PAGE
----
A key component in the success of most companies today is their ability to innovate and sustain innovativeness. By innovativeness, we refer to the capacity of a firm to create and implement new or improved products (goods and/or services). It is one of the most important factors that impacts business performance. Human resources are crucial in the creation of innovation proficiency, and human resource management (HRM) is therefore an important factor in sustaining innovativeness.
European countries are among the most innovative in the world, but there are big differences between them in terms of their innovativeness. Although European firms perform relatively well in this respect, it is crucial to sustain innovativeness in today’s global economy with increasing competition from emerging markets. This requires European countries and firms to use human resources proficiently, and calls for a better understanding of the relationship between HRM and innovation.
Research into the interface between HRM and firm innovativeness has not received extensive attention, and much of it focuses on the United States as a context. Some studies claim that the HRM function, if implemented correctly, has the potential to support organisational innovativeness and to facilitate product innovation. This indicates that HRM, if used proficiently, has the potential to influence the innovativeness of firms (both directly and indirectly). Extant research has largely failed to scrutinise the relationship between HRM and innovation, and to elaborate on how, more specifically, HRM should be organised within the firm and managed to support innovativeness.
As the institutional context in European countries differs between each country, from the United States and from many of the emerging markets, it may be expected that this contextual factor plays a role in the relationship between HRM and innovation in the European context.
There is therefore a need to better understand how practices in the HR function relate to innovativeness in the European context. This special issue aims to address this need. The ambition is to support research and practice in two ways. Firstly, it will support senior management and researchers with an understanding of how to use HRM to achieve and sustain innovativeness. Secondly, it will support HRM professionals and researchers with an understanding of how HR competences and processes should be developed to support innovation.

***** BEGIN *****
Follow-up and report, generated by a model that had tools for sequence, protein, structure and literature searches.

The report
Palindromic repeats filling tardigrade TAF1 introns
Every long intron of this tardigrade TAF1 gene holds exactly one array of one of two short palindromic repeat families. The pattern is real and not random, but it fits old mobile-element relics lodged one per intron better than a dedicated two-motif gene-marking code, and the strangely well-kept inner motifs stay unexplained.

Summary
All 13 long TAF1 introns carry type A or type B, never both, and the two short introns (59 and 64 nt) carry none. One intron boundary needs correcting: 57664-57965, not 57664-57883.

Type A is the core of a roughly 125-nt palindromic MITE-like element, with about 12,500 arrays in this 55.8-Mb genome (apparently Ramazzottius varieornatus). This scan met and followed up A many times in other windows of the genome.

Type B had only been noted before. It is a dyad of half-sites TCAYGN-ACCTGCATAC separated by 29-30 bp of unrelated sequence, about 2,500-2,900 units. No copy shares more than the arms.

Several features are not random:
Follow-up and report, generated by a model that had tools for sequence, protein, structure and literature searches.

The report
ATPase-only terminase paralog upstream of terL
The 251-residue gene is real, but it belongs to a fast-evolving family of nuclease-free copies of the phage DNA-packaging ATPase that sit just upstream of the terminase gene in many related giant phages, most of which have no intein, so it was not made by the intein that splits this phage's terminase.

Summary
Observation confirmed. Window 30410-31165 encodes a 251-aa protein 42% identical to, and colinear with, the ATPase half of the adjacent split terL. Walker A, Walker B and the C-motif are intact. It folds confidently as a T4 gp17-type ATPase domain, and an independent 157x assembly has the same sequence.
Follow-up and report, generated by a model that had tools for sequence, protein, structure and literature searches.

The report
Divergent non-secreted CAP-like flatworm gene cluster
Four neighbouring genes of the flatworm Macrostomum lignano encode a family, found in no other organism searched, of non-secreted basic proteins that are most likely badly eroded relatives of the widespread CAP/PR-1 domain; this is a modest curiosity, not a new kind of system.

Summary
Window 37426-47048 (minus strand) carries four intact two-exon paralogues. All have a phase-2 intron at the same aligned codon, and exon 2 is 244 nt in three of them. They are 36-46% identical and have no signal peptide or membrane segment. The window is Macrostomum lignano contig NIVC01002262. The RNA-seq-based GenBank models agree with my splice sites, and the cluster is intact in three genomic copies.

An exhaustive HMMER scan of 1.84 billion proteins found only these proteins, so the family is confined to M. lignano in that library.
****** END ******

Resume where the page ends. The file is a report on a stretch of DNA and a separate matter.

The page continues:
The issue will publish papers on the interface between HRM and innovation. Papers should use a clear theoretical basis which creates a framework that will help to explain if and how HRM can support innovation.
Suitable topics include but are not limited to:
- The institutional context and the relationship between HRM and innovation
- HRM strategy and innovation in European firms
- Staffing organisations to increase the ability to achieve both incremental and radical innovation simultaneously
- Aligning recruitment systems with the innovation strengths and weaknesses of organisations
- Training and developing employees to increase the ability to achieve both incremental and radical innovation simultaneously
- Early training of new employees (induction activities), conforming or challenging, and its effect on innovativeness
- Different performance measurements, incentives and feedback systems in European firms for radical and incremental innovation
- Recognition and monetary rewards in European firms and their impact on the abilities of firms to explore future possibilities and to exploit previous investments
- The relationship between talent management and innovativeness and the challenges for Europe
- HRM issues relevant to the formulation and implementation of an innovation strategy
Extended abstract (2-3 pages) submission deadline: 1 October, 2012
Paper submission deadline: 1 February, 2013